terrorism, which included combat missions in Afghanistan. In 2003, National Guard involvement as peacekeepers in Bosnia
ended, but a similar assignment in Kosovo continued into 2004. A second war against Iraq erupted in March 2003, and National
Guard and reserve units participated in the invasion of Iraq, known as Operation Iraqi Freedom, and the subsequent period of
United States’ occupation to stabilize and rebuild that country.
By early 2005, some 8,000 Pennsylvania National Guard members had been deployed in the Global War on Terrorism
since September 11, 2001. The First Battalion, 107th Field Artillery was on duty as military police in Iraq from January 2004
until February 2005. Beginning in November 2004, the First Battalion, 103rd Armored Regiment was deployed to Iraq for twelve
months, the first time since World War II that a 28th Division combat battalion had operated in a war zone. Later, the 56th Stryker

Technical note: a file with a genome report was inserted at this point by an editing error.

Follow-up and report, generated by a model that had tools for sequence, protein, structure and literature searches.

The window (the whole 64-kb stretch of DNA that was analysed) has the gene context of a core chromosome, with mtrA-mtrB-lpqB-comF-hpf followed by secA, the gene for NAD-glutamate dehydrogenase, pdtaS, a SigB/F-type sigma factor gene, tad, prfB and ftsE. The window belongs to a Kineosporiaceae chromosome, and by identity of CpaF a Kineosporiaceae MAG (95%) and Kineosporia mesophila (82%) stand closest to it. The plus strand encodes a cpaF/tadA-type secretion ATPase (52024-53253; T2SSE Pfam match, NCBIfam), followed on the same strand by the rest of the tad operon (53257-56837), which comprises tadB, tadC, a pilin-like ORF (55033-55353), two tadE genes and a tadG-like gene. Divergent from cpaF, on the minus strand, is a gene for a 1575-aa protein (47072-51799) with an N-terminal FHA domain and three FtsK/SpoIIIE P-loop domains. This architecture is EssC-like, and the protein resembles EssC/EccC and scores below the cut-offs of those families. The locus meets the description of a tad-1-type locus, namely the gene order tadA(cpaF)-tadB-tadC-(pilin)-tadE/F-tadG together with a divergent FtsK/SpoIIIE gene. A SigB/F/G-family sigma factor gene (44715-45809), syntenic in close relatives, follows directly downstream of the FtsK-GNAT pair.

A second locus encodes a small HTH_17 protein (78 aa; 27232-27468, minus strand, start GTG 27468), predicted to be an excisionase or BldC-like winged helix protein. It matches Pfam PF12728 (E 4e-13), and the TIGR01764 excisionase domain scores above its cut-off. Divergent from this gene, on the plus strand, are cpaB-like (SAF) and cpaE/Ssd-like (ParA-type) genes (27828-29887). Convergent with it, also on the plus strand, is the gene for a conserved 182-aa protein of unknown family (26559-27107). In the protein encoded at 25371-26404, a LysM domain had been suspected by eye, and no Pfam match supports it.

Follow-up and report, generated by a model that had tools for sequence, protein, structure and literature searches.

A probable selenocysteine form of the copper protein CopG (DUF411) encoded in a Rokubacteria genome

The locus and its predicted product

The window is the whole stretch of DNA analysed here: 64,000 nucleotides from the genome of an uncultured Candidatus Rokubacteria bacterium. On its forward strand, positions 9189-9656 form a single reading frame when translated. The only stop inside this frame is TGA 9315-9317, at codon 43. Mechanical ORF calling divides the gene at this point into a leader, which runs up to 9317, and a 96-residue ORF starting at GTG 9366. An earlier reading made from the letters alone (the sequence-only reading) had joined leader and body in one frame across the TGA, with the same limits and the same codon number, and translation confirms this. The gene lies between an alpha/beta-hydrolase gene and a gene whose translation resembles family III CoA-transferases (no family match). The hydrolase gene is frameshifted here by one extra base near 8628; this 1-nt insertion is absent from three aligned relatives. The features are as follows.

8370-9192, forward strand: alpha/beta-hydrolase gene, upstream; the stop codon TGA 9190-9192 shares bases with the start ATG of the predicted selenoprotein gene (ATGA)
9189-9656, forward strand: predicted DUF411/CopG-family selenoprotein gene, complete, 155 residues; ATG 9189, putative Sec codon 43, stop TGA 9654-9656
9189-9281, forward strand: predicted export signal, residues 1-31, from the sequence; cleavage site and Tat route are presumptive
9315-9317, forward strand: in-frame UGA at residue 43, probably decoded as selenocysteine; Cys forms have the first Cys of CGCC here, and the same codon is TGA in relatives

Brigade Combat Team of the Pennsylvania Army National Guard was among the first United States units organized around a
superb new eight-wheeled combat vehicle, and has seen combat service in Iraq. Today, Pennsylvania’s Army National Guard is
the largest in the United States, and its Air National Guard is the fourth largest. Recruiting and retention statistics for the 2006
fiscal year were the highest achieved in the last two decades and among the highest in the country. Altogether, the National Guard
has 19,000 members and 2,400 full-time employees. In July 2007, the 111th Fighter Wing of the Air National Guard left its Willow

Section 1.indd 42 7/6/2016 9:28:00 AM


PENNSYLVANIA PAST AND PRESENT 1 – 43
Grove Air Reserve Station for re-deployment in support of ground forces in Iraq, flying A-10 Thunderbolt attack fighters. With the
deployment of the 56th Stryker Brigade and 28th Combat Aviation Brigade in early 2009, as well as the 171st Air Refueling Wing,
193rd Special Operations Wing, and 111th Fighter Wing Air National Guard deployments, the Pennsylvania National Guard will
have more soldiers and airmen in mobilized status than at any time since World War II.